How An Impeachment Of Brett Kavanaugh Would Work

The conversation about impeaching Brett Kavanaugh started shortly after his appointment, and in the wake of new reports about sexual assault accusations, it’s flared up again.

At least six 2020 presidential candidates have specifically called for Kavanaugh’s impeachment or impeachment investigations since the New York Times story broke, bringing to light previously unreported allegations of sexual assault against the Supreme Court justice. Those candidates included Julian Castro, Kamala Harris, Elizabeth Warren, Beto O’Rourke, Cory Booker and Tom Steyer. Bernie Sanders and Amy Klobuchar have called for more investigations.

Yes, Impeachment Applies To Judges

Per the Constitution, “The President, Vice President and all civil officers of the United States, shall be removed from office on impeachment for, and conviction of, treason, bribery, or other high crimes and misdemeanors.”

According to Elizabeth Bazan, a legislative attorney with the Congressional Research Service, that section has been interpreted to mean members of the judiciary constitute “civil officers.”

Bazan wrote a report in 2010 outlining the impeachment process. In it, she said impeachment “has provided a means of exploring allegations of misconduct involving, with the one notable exception of Senator Blount, civil officers from both the judicial and executive branches.”

In fact, most impeachment trials have concerned either the judiciary or the executive, and all of the trials that have led to convictions involved federal judges.

However, it’s still rare. According to a piece by the Brennan Center, the House of Representatives has only impeached 15 judges, eight of which were convicted in the Senate.

How It Works

Federal judges are impeached and tried, and possibly convicted the same way as presidents.

The process starts with the House of Representatives, and this one would start with an inquiry in the House Judiciary Committee. The House has the power to bring charges by a simple majority vote. Then the Senate holds a trial based on those charges, and two-thirds, 67 senators, have to vote for removal.

Removal from office is the extent of an impeachment case, according to the Constitution.

Then, the Constitution states: “The party convicted shall nevertheless be liable and subject to indictment, trial, judgment and punishment, according to the law.”

How Likely Is Impeachment?

Democrats only hold 45 seats in the Senate, with two independents caucusing with them, making the 67-vote threshold unlikely.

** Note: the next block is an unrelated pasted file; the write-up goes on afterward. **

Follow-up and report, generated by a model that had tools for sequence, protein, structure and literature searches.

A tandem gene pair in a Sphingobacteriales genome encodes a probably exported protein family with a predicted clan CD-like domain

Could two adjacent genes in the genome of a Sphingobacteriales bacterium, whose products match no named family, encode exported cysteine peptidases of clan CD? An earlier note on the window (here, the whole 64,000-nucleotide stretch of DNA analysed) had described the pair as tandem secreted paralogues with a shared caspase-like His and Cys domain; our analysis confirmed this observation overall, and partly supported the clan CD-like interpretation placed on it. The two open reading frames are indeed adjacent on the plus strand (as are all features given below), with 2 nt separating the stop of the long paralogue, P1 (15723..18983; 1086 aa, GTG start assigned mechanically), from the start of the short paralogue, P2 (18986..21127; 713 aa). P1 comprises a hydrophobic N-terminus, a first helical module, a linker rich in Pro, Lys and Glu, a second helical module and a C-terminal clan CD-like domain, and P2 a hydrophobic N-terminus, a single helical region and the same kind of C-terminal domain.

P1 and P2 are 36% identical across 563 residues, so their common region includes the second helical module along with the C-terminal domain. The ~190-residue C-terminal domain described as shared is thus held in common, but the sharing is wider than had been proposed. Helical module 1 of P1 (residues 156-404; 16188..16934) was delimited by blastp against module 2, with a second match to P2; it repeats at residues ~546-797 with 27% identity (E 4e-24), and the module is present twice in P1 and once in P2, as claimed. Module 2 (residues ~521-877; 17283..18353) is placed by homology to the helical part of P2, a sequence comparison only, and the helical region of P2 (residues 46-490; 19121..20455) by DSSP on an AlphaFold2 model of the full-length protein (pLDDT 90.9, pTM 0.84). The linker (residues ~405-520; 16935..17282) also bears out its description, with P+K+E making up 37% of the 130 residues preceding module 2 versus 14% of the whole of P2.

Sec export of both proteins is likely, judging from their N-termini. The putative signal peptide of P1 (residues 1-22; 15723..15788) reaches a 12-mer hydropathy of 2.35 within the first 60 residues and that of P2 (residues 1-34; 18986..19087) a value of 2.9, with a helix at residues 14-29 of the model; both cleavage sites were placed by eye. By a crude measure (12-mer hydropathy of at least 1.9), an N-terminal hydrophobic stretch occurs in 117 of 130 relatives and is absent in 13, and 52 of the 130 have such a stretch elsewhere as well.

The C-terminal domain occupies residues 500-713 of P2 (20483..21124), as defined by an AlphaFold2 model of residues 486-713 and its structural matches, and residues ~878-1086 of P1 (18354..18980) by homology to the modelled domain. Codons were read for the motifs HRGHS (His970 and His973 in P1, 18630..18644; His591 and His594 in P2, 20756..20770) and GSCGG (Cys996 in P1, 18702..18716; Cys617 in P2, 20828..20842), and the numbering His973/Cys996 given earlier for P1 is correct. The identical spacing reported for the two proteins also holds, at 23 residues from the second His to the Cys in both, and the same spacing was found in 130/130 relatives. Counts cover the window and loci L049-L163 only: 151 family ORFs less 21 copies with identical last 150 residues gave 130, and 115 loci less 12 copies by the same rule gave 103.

Only one Supreme Court justice has been impeached — Justice Samuel Chase in 1805 — and he was acquitted in the Senate.

Because federal judges have life-long tenures, it’s commonly thought that impeachment, or their resignation, is the only way for them to leave the bench.

“The impeachment power has historically been limited to cases of serious ethical or criminal misconduct,” said Douglas Keith, in an article for the Brennan Center. “Of the 15 federal judicial impeachments in history, the most common charges were making false statements, favoritism toward litigants or special appointees, intoxication on the bench and abuse of the contempt power.”

In recent history, U.S. District Court Judge Samuel B. Kent was impeached in 2009 with charges of sexual assault, obstructing justice and making false statements. He resigned before his case was taken up by the Senate.

In 2010, Gabriel Thomas Porteous, Jr., another U.S. District Court Judge, was convicted by the Senate for bribery and making false statements.

By design, impeachment from any office is a difficult undertaking. Kavanaugh also has strong support in the Senate, making support for a removal unlikely.

“Because the impeachment power lies primarily in the hands of politicians, it is at times threatened for partisan reasons, but the impeachment and removal of judges is in fact rare and usually limited to grave ethical or criminal misconduct such as perjury, fraud, or conflicts of interest,” Keith wrote.

However, what an impeachment proceeding could do is allow for more investigative actions to be taken, just as in the case of the Donald Trump impeachment push. Democrats have been very critical of the lack of a proper FBI investigation into Kavanaugh’s accusers’ claims during his confirmation process. The House Judiciary Committee could gather more information about Kavanaugh’s past behavior and any potential lies he told during his confirmation to cover them up.

“We’ve been calling on House Democrats to take action since April to look into the sham Kavanaugh confirmation process,” Demand Justice chief counsel Christopher Kang said on MSNBC today. “We think they need to get to the bottom of the hundreds of thousands of Kavanaugh White House documents that were hidden, to get to the bottom of the hundreds of thousands of dollars of Kavanaugh’s debt that mysteriously disappeared. And most importantly, to get to the bottom of these sexual assault allegations and into this FBI investigation that clearly was a sham from the start,”

 

By Nikoel Hytrek
Posted 9/16/19

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